The Sunbeam Tiger – Italian, American, Australian, British…or all of the above?
If you went looking for the true father of the Sunbeam Tiger, you might surmise that American Carroll Shelby would be the one. And while Shelby did a great deal of the development on the car, the initial idea to put an American V8 engine into the British built Sunbeam Alpine came from celebrated Australian racecar driver and F1 campion, Jack Brabham. Frustrated by the lack of power from its small four-cylinder engine, Parent company Rootes Group had even considered working with Ferrari to develop a more powerful in-line four-cylinder engine to suit their needs. With no results spawning from that hopeful Anglo-Italian union, Brabham contacted Norman Garrad at Rootes, with the idea of dropping a Ford V8 engine into the Alpine. Garrad’s son Ian was conveniently located in California, operating as the West Coast Sales Manager for Rootes, not far from the Shelby headquarters. Shelby and his team had already made considerable inroads with the V8 conversion of the AC Ace, which would eventually become the Cobra, so it made sense that much of that learning could be applied to the Alpine.
With both size and weight advantages, the potent Ford 260 V8 was a near perfect fit, requiring some engineering modifications to the chassis and suspension, but yielding a very potent and cost-effective sports car that could be easily converted in volume production.
Upon release, sales were brisk and surprisingly robust, causing Rootes to pull away from Shelby as the manufacturing source for the cars, instead giving the duties to Jensen in the UK, capable of building 300 cars per month, a figure that Shelby would have struggled to achieve even if he had the capacity. Ultimately, more than 7,000 Tigers were built, making it one of the most successful volume-built sports cars offered from an essentially cottage manufacturer. Production might very well have continued, as sales were still strong, when Chrysler took a controlling interest in Rootes Group. Flummoxed by the Ford engine in a car that was now sold by Chrysler, Mother Mopar searched eagerly for an engine in their lineup that might fit, finding all potential contenders to be too wide to fit the engine bay without significant modifications. Chrysler had no choice but to cease production. The last Tiger departed the assembly line in 1967, still powered by the updated Ford 289 engine, but with all Tigers curiously wearing the gold Chrysler Pentastar emblem on its lower left front fender.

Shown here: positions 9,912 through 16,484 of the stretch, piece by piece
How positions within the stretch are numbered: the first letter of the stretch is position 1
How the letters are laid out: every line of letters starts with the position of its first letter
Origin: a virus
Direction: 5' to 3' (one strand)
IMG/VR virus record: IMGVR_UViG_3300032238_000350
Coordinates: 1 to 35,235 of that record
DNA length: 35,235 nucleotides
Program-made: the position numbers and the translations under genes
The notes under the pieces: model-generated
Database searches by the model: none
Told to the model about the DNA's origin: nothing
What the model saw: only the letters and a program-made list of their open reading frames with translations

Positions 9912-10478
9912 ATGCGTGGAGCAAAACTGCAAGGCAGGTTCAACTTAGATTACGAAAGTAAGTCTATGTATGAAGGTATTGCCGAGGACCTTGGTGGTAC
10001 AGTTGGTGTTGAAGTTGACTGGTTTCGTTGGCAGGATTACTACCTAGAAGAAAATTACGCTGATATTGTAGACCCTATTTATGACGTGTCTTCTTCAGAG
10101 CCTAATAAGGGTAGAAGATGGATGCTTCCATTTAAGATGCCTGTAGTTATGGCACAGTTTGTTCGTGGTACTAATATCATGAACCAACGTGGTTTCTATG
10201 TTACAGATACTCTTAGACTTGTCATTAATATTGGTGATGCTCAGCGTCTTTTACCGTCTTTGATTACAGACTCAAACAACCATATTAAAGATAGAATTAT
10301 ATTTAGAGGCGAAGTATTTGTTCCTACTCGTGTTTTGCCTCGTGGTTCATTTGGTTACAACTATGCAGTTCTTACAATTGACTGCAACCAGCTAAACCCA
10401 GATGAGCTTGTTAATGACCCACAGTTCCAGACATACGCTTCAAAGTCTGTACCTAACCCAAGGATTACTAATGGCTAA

The Tiger was not only a refined and cleverly manufactured sports car, it proved to be highly capable in racing trim including three Tigers constructed specifically for Le Mans racing, an endless series of successful rally cars competing all over the world and often finishing in the winner’s circle. Popularized in 1960s television, the Tiger was a feature of the TV show “Get Smart”, occasionally featured with sophisticated James Bond-like features despite Maxwell Smart’s ongoing spy bumblings.